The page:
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Published: September 16, 2015

Getting a vaccine shot in the arm

Written By: Molly Kavanaugh

Although it’s impossible to predict exactly when the upcoming flu season will begin and how severe it will be, now is the time for older adults to take preventive action.

The Centers for Disease Control recommends that anyone 6 months of age or older get vaccinated by October, which is typically the start of flu season. It takes about two weeks after the vaccination for antibodies to develop in the body and provide protection against the flu.


The Flu Can Become a Serious Illness

For older adults, the flu can become a serious illness. Ninety percent of flu-related deaths and more than half of flu-related hospitalizations occur in people age 65 and older, according to the U.S. Department of Health and Human Services.

That’s why older adults should consider a high-dose flu vaccine. According to a recent study of nearly 32,000 people, the higher dose was found to be more effective than the standard dose  for people 65 and older.

“The current study shows that there is about 25 percent additional protection for people who get the high-dose influenza vaccine,” says Susan Rehm, MD, an infectious diseases specialist at Cleveland Clinic. She did not take part in the study, which was published last year in the New England Journal of Medicine.

The high-dose shot is widely available, at pharmacies, doctor’s offices, and health clinics. Medicare and Medicaid cover both the standard and high-dose vaccines. Check with your healthcare provider to find out which dose is right for you.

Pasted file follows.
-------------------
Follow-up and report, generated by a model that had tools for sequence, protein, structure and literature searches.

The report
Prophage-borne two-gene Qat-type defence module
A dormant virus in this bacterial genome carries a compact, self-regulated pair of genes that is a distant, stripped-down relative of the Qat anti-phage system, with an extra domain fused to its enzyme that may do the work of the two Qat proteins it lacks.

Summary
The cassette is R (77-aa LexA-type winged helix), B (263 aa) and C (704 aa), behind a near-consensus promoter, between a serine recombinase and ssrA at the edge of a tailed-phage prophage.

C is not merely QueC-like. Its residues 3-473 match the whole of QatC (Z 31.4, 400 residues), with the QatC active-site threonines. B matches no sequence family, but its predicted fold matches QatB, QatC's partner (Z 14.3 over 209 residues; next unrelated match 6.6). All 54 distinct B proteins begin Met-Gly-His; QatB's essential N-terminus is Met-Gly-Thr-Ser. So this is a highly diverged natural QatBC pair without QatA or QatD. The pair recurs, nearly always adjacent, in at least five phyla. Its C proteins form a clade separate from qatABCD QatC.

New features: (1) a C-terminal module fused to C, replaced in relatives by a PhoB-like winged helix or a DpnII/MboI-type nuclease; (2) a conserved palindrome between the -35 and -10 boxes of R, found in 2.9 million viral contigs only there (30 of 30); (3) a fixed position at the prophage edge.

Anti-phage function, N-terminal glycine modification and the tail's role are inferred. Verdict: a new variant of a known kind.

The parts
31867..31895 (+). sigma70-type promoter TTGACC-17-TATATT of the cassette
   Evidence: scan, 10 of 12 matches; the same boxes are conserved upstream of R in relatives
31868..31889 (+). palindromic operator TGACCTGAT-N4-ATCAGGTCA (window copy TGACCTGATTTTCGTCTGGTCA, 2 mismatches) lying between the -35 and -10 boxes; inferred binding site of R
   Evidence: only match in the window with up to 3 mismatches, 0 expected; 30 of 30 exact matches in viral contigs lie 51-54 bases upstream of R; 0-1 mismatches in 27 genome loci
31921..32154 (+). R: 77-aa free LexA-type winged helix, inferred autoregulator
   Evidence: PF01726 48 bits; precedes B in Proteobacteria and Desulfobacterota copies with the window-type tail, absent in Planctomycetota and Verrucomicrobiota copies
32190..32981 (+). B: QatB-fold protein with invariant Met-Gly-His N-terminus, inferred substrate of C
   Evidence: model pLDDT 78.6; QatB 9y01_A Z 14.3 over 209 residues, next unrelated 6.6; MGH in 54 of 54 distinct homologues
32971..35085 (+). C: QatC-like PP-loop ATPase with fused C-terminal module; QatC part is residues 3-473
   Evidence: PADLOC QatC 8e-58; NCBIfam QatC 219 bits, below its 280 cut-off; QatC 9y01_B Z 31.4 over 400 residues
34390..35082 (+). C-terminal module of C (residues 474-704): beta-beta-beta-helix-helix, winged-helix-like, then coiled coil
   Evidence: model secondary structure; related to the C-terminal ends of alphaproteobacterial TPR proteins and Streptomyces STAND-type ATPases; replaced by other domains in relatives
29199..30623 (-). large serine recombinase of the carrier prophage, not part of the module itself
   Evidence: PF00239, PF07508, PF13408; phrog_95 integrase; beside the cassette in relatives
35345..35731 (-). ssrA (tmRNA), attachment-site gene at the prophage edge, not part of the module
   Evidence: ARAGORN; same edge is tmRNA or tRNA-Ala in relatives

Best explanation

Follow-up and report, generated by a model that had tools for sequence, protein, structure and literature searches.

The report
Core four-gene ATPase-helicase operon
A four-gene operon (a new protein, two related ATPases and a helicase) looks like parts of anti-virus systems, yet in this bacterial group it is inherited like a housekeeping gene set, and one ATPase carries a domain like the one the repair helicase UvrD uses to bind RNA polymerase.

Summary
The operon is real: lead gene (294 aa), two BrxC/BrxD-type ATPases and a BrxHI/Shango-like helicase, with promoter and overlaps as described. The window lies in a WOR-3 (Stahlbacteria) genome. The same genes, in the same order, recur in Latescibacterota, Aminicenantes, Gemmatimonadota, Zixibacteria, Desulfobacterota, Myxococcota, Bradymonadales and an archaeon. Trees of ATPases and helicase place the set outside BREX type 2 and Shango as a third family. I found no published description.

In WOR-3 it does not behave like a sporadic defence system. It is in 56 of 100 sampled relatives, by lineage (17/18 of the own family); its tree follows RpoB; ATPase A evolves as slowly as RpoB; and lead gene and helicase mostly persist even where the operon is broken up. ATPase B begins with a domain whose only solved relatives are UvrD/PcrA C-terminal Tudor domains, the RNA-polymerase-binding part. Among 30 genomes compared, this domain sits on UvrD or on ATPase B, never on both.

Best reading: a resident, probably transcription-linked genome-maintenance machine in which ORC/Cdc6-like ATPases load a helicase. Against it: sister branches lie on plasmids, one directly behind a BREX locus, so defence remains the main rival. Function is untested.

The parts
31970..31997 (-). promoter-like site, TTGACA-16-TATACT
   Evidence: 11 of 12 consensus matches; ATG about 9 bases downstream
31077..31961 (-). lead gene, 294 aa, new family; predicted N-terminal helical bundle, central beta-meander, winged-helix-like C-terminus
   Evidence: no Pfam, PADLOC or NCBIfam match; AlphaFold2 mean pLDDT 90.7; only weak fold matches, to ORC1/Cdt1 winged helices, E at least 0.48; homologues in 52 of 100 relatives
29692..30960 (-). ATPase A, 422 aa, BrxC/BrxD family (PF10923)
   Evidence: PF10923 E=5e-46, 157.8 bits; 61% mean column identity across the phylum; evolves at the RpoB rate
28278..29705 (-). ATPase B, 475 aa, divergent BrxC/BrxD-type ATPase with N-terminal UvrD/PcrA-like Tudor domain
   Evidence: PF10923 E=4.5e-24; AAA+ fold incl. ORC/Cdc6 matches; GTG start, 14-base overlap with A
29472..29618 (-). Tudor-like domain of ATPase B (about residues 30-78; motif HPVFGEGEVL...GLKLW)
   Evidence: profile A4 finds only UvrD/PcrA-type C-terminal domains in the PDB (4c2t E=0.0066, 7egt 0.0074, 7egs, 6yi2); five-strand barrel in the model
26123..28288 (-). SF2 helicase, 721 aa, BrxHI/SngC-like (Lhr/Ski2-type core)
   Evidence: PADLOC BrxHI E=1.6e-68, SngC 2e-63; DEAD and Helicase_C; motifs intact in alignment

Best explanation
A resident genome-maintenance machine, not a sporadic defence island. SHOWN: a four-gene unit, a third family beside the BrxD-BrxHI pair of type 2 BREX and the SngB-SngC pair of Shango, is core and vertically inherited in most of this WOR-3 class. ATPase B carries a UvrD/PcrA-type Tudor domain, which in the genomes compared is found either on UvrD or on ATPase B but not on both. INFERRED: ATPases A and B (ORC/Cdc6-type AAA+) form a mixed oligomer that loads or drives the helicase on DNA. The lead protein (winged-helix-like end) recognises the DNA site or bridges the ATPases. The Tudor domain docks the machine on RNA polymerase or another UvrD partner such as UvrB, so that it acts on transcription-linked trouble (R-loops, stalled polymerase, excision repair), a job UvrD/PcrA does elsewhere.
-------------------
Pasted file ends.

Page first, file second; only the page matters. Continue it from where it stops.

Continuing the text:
In addition to getting vaccinated, people can further prevent spreading or contracting the flu by practicing healthy habits, such as washing hands, avoiding close contact with sick people, and covering mouth and nose when coughing and sneezing.


There’s more to consider than just the flu

Older adults, though, need more than a flu shot to stay healthy year-round.

An estimated 1 million Americans get shingles every year, and about half of them are 60 years old or older. Anyone who has had chickenpox may develop shingles, but the risk increases with age.

Shingles is a painful rash that develops on one side of the face or body. The rash forms blisters that typically scab over in 7 to 10 days and clears up within 2 to 4 weeks. One to five days before the rash develops, people often have pain, itching, or tingling in the area where the rash will develop.


Preventing Debilitating Complications

The most common complication of shingles is a condition called post-herpetic neuralgia (PHN). People with PHN have severe pain in the areas where they had the shingles rash, even after the rash clears up. The pain from PHN may be severe and debilitating, but it usually resolves in a few weeks or months in most patients.

As people get older, they are more likely to develop PHN, and the pain is more likely to be severe. PHN occurs rarely among people under 40 years of age but can occur in up to a third of untreated people who are 60 years of age and older.

The CDC recommends that people aged 60 years and older get one dose of shingles vaccine. Shingles vaccine is available in pharmacies and doctor's offices. Talk with your healthcare professional if you have questions about the vaccine.

Older adults are also at risk in contracting pneumonia, an infection of the lungs. The CDC now recommends 2 vaccines taken about a year apart for adults 65 or older.


10 best practices for staying healthy after age 60


Woman in a striped shirt smiling Written By: Molly Kavanaugh